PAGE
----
Scientists from Cambridge believe that hallucinations, which are characteristic of psychological disorders, might actually be a natural reaction by the brain. Using it, the brain tries to give meaning to its surrounding world.
That which makes us productive and capable individuals is the presence of a predictive brain and the ability to form a clear picture from a contradictory and complex world. This allows us, for example, to recognize the rapidly jumping ball of hair down the road as a rabbit, even though its image is still blurry.
According to experts, sounds and especially images that do not exist at a given point in time, can be generated by the brain. This way the brain fills in the gaps it perceives in reality and predicts a possible way out of a situation. That's exactly what hallucinations are - our consciousness perceives and visualizes things which aren't actually there.
The scientists from Cambridge along with their colleagues from Cardiff University have carried out an interesting experiment. They showed black and white images, which appeared to be nothing more than a random assortment of lines and spots, to the volunteers.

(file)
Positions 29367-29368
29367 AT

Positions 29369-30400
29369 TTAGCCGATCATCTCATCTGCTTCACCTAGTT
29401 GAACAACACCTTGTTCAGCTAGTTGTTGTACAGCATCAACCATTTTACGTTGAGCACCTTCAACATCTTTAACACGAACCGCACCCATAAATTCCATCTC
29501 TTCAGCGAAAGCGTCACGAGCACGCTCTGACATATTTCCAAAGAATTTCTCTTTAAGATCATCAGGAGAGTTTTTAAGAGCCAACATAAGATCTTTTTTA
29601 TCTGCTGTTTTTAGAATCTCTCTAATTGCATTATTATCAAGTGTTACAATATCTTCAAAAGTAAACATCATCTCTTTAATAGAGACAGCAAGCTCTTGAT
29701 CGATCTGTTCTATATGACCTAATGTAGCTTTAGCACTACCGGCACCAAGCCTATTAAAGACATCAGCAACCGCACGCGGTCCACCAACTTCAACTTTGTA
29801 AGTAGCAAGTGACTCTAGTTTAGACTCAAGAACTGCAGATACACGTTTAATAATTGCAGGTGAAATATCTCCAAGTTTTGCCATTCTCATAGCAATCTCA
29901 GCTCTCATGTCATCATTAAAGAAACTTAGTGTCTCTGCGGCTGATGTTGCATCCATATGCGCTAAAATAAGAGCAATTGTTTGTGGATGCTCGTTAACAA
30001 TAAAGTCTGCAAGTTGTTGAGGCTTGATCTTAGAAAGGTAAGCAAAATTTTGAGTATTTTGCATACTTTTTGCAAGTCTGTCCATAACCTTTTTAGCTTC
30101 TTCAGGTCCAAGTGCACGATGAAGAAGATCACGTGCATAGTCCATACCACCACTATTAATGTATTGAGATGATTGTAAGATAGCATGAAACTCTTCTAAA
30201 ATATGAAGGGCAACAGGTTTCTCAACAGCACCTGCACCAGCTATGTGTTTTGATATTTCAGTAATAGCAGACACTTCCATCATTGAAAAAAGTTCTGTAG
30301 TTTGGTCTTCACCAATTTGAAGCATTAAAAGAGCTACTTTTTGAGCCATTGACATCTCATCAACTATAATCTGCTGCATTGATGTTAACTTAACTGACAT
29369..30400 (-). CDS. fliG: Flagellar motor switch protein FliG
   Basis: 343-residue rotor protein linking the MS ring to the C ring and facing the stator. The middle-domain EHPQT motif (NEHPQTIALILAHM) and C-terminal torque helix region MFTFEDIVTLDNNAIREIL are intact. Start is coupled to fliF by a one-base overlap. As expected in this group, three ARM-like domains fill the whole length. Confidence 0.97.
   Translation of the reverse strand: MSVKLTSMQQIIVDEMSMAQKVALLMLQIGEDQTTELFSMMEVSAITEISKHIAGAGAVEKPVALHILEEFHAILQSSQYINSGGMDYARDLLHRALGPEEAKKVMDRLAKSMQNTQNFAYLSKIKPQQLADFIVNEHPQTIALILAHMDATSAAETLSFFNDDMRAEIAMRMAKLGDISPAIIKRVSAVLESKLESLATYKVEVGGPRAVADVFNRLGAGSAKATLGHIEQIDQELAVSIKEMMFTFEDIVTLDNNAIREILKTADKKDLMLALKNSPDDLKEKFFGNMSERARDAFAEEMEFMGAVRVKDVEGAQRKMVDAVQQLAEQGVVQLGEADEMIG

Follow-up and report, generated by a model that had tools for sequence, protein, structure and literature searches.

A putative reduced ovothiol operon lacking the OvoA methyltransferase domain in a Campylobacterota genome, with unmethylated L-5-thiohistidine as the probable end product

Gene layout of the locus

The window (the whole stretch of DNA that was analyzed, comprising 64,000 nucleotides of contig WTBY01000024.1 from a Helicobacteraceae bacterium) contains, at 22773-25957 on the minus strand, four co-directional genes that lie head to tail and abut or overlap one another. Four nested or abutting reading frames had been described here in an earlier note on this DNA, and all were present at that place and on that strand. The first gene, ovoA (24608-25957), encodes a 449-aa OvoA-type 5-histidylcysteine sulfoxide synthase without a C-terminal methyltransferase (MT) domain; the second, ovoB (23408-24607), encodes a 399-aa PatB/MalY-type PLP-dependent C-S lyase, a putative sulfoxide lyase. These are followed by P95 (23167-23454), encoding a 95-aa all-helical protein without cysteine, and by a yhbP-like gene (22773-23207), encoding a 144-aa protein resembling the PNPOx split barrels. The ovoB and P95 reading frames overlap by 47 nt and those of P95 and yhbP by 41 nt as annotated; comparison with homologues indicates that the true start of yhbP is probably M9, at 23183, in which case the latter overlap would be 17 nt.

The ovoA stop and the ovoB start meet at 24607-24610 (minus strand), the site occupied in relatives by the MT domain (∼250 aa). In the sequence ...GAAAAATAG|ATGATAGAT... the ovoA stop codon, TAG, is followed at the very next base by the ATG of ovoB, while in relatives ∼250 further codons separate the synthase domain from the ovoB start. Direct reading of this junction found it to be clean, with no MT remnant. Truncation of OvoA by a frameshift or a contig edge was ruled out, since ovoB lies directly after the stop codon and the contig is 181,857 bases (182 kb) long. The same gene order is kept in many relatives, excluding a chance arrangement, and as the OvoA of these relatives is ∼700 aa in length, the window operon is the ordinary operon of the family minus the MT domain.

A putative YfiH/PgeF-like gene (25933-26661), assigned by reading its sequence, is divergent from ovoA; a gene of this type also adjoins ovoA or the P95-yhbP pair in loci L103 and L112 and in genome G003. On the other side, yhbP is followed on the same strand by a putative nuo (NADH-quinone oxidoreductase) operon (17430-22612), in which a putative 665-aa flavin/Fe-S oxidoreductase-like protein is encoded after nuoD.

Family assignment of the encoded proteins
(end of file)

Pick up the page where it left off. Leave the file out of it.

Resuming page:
The goal was to determine whether people with psychotic tendencies would do a better job of filling in the missing parts of the picture. At the end of the experiment, the participants were given the opportunity to look at the full-color originals.
The results were beyond fascinating. Individuals with early signs of psychosis did significantly better than completely healthy individuals. There was a subsequent experiment in which 40 people, having a tendency toward psychosis in varying degrees, participated.
It turned out that the potential deviation in the information processing mechanism was fact. As the condition worsens, the brain begins to perceive the output data as more important than the new data received from the sensory organs. This is an exceptionally useful find which will make it easier to treat this condition.
The scientists' conclusion is that hallucinations are not symptoms of a damaged brain. In fact, quite the opposite - this is the most natural way of rationalizing ambiguous data that we receive from the surrounding environment.